This week will mark 100 days since Covid-19 has entered our lives. On December 31, authorities of the People's Republic of China informed the WHO of an outbreak of pneumonia caused by an unknown virus. What is the result of these 100 days?
On April 7, Chinese authorities removed the blockage from Wuhan, where the pandemic started. The same day, Japanese Prime Minister Shinzo Abe announced the introduction of a state of emergency in the main economic centers of Japan. And this reveals only one thing – the pandemic goes on, and its outcome is uncertain.
Results of the 100-day pandemic are as follows: at least 1.5 million infected and about 80 thousand dead, quarantine and economic shutdown in many leading countries of the world. If the situation keeps developing at this rate, the current pandemic's scale may be compared with the Spanish flu pandemic, which claimed the lives of at least 20 million people across the globe in 1919-1920. However, back in those days, humanity enjoyed neither interdependence of national economies current globalization is characteristic of, nor such a scale of urbanization we have now. Many analogies are therefore irrelevant, with economic consequences of the pandemic to be assessed yet, while its political fallout may manifest itself before long.
In opposition to this, modern high-tech and expensive medicine still sets the same things as 100 years ago – "social distancing", hand washing and self-isolation. This is for the healthy, while those diseased should mainly rely on their own body defenses like it was a hundred years ago: prospects of effective vaccines or medications are offered no earlier than in six months or a year.
In short, medicine as a science provides conditional assistance alone so far, but politicians and state leaders fall back on its estimates and forecasts.
Are they ready to make reasonable decisions amidst great panic-provoking uncertainty? Do they demonstrate confidence in the accuracy of their decisions? Do voters trust those? And ultimately, are the leaders guided by electoral motives or national interests? Oddly enough, answers to these questions swiftly become obvious to any layman.
It is my belief that the three-week-long silence of Soviet leader Mikhail Gorbachev after the Chernobyl disaster undermined people's faith in him all the way through, which was perhaps the key factor for his political failure, and, most importantly, the collapse of his policy of reforms – "perestroika".
People are not going to forget US President Donald Trump's light-weight assessments of the coronavirus epidemic threat in January this year, which were replaced by wild calls to use unproven drugs amid a breaking crisis in New York with its over 140 thousand infected people, which is more than anywhere in the world. The situation being what it is, it seems that financial injections into the US economy that exceed the size of the national debt, will hardly help Trump in the United States' presidential race.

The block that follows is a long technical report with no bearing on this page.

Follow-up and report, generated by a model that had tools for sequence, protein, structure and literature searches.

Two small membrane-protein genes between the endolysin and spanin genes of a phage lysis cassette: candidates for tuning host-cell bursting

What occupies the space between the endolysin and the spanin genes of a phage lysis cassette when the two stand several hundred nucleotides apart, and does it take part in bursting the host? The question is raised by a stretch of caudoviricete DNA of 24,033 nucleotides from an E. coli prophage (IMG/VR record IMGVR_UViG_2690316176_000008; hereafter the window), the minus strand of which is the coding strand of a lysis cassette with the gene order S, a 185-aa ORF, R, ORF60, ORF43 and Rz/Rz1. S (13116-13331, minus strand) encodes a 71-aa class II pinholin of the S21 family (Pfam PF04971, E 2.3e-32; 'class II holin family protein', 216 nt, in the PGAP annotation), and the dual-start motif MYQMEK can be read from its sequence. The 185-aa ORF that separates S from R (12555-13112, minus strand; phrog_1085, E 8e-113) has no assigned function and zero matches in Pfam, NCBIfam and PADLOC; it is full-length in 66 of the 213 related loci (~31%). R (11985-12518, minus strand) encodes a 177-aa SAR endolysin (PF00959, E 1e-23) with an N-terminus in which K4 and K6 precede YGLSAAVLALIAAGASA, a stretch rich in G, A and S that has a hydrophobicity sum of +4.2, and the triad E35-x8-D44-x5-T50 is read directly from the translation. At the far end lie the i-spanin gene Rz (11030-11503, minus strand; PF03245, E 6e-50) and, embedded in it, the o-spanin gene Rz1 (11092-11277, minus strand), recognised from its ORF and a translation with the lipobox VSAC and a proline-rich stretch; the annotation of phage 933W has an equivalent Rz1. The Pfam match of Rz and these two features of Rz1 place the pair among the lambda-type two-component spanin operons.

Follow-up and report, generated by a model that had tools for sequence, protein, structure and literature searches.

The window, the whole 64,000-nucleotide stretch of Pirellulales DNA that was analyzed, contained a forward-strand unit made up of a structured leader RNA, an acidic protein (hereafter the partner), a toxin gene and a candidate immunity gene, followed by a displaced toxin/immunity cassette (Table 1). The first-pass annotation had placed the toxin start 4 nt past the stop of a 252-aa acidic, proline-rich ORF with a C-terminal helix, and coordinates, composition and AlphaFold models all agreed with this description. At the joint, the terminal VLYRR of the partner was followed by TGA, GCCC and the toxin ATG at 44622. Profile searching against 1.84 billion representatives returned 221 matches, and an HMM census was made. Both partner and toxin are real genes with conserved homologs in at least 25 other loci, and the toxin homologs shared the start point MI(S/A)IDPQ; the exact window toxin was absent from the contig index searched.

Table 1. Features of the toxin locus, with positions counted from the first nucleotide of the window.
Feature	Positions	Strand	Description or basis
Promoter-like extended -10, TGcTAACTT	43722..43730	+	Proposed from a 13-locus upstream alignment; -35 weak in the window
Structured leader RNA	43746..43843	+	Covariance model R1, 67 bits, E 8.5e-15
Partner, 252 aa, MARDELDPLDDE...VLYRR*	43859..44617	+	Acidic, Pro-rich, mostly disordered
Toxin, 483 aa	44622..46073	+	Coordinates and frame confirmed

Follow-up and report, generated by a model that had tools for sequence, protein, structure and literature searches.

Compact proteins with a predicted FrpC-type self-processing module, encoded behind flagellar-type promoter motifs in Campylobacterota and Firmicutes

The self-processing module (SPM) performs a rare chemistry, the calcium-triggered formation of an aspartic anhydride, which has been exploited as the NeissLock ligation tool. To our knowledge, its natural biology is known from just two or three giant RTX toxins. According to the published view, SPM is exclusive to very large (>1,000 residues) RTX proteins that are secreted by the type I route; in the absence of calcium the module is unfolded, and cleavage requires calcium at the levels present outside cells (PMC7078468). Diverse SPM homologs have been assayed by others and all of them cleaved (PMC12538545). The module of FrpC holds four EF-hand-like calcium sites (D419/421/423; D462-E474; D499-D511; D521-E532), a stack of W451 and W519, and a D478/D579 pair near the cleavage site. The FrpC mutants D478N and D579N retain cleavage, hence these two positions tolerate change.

British Prime Minister Boris Johnson will be likely forgiven for taking a relaxed approach to the Covid-19 issue. Although having long ignored drastic measures to combat the epidemic, he became a victim of the virus himself. At the same time, German and French leaders Merkel and Macron, demonstrating consistency and determination, enjoy a significant increase in their popularity despite the nightmarish morbidity statistics. However, these countries, despite their democratic traditions, have never turned out a strong government.
Is Japan ready to take effective action under an emergency?
During the Kobe earthquake and the sarin attack in the Tokyo metro, Tomiichi Murayama's office demonstrated sluggishness, if not confusion. There were also many complaints about actions taken by the government of Naoto Kan in the context of the Fukushima-1 NPP technological disaster.
These incidents put an end to the political careers of Murayama and Kang, and also interrupted the short-lived rule of political forces opposed to the Liberal Democratic Party (LDP).
But now the one to face the trials is probably the most successful LDP leader in the 21st century, Prime Minister Shinzo Abe.
The state of emergency declared by Abe is very similar to that of Russia: the shutdown of cities – the so-called lockdown observed in European countries – is not going to take place. Residents will be asked not to leave their homes unless necessary. Most crowded places, including non-food stores, entertainment venues and restaurants, are closed. At the same time, pass control is not being introduced, and there are actually no fines for violating the emergency regime. After a week of downtime, many large industries resume their work.
This is a balanced and cautious approach that should prevent the spread of the virus and simultaneously not too harm the economy given the impending global economic crisis. It seems that none of the world's politicians has decided what to fear more: an epidemiologic disaster or an economic downturn.
However, the peak of the epidemic is yet to be passed. And economic problems are still there to come.